But Lori Lightfoot, president of the Police Board and also of the Task Force on Police Accountability, said in the Chicago Sun-Times that in allowing two proposals to be introduced to the City Council, Emanuel had “completely undercut the groundswell of community support for the GAPA proposal.”
Then on April 5, Ald. Carlos Ramirez-Rosa (35th ward), hosted a press conference for his ordinances, which a staff member told StreetWise would be called for a vote at the April 11 City Council meeting. Ramirez-Rosa’s two proposals, according to the Tribune, would call for appointed, rather than elected, district positions. Neither of his proposals gives the power to fire the superintendent.
GAPA formed in response to the call for civilian oversight in 2016 from the Task Force on Police Accountability, which was created by Mayor Emanuel after public outrage over the police shooting of 17-year-old Laquan McDonald. The Justice Department made a similar recommendation in 2017.
“Disrespect, abuse and humiliation” were a common thread in 19 GAPA community conversations with 1,650 residents across the city in November and December 2016, according to a report issued immediately afterward. “Person after person described daily degradation where police officers treat law-abiding people like they are criminals, especially in predominantly black and Latino communities.”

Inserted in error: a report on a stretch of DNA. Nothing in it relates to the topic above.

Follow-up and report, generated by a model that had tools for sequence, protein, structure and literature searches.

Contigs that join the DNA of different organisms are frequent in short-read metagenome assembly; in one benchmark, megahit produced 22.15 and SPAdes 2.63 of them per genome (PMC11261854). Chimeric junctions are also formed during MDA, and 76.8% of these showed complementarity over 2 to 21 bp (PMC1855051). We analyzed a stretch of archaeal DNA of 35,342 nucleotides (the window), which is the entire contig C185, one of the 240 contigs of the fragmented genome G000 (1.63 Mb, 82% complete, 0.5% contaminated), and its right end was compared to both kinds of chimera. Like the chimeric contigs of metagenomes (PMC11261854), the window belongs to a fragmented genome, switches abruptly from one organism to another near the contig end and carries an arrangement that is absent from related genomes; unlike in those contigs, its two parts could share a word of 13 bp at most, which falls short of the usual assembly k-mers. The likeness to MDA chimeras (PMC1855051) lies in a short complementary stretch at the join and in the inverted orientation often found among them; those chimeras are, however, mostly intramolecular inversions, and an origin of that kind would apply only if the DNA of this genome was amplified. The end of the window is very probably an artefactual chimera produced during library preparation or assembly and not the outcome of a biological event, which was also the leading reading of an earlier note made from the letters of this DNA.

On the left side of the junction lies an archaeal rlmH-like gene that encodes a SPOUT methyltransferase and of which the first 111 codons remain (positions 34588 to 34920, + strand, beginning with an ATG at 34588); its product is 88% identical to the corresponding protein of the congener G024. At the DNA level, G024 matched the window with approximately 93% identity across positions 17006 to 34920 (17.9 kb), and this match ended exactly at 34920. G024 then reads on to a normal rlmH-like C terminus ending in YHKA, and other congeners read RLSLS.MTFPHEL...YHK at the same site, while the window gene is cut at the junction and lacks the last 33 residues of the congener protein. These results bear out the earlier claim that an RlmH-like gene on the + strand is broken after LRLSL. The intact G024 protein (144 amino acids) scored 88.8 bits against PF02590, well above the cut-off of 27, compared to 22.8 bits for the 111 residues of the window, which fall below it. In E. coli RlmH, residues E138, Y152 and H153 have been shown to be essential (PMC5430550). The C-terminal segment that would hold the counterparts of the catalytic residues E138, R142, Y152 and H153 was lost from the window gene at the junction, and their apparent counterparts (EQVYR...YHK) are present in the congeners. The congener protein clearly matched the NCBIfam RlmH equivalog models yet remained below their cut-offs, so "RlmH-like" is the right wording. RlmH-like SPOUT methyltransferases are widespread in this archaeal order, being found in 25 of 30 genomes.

Last month’s 30-page GAPA report went a step farther. “[W]ithout trust, people are less likely to cooperate with the police. This situation makes it much harder for police to fight crime and keep the peace.” As an example, the report cited Chicago’s low murder clearance rate: 17.5 percent in 2017. That’s 50 percent below solved homicides here in the early 1990s -- and far below national averages.
Prior to the brutal police beating of motorist Rodney King in 1992 – and six days of violence that left 63 people dead -- the Los Angeles PD faced similar concerns about excessive force. Los Angeles overhauled its civilian commission, “which made the Los Angeles model especially relevant to GAPA participants.”
GAPA officials credit changes to police oversight with LA’s solved homicide rate: 73.4 percent in 2017 compared to Chicago’s 17.5 percent.
GAPA participants wanted a method for punishing police misconduct like the McDonald shooting, but more than that, they sought to prevent it. They wanted to address the hiring and training of police officers and new recruits as well as their supervision at the district level.
There are 13 community organizations in GAPA, including Jewish Council on Urban Affairs, ONE Northside, Asian Americans Advancing Justice, Community Renewal Society, Inner City Muslim Action Network, Lugenia Burns Hope Center, Southwest Organizing Project, TARGET Area Development Corporation and West Side Health Authority. Support has also come from The Chicago Community Trust, John D. and Catherine MacArthur Foundation, the Joyce Foundation, Polk Bros. Foundation, Robert R. McCormick Foundation, Woods Fund Chicago and more.
However, Fraternal Order of Police President Kevin Graham said in the Chicago Sun-Times that the existing COPA, as well as the FBI, Illinois State Police, state’s attorney’s office, and an “exceedingly biased media,” have officers “under virtual siege.”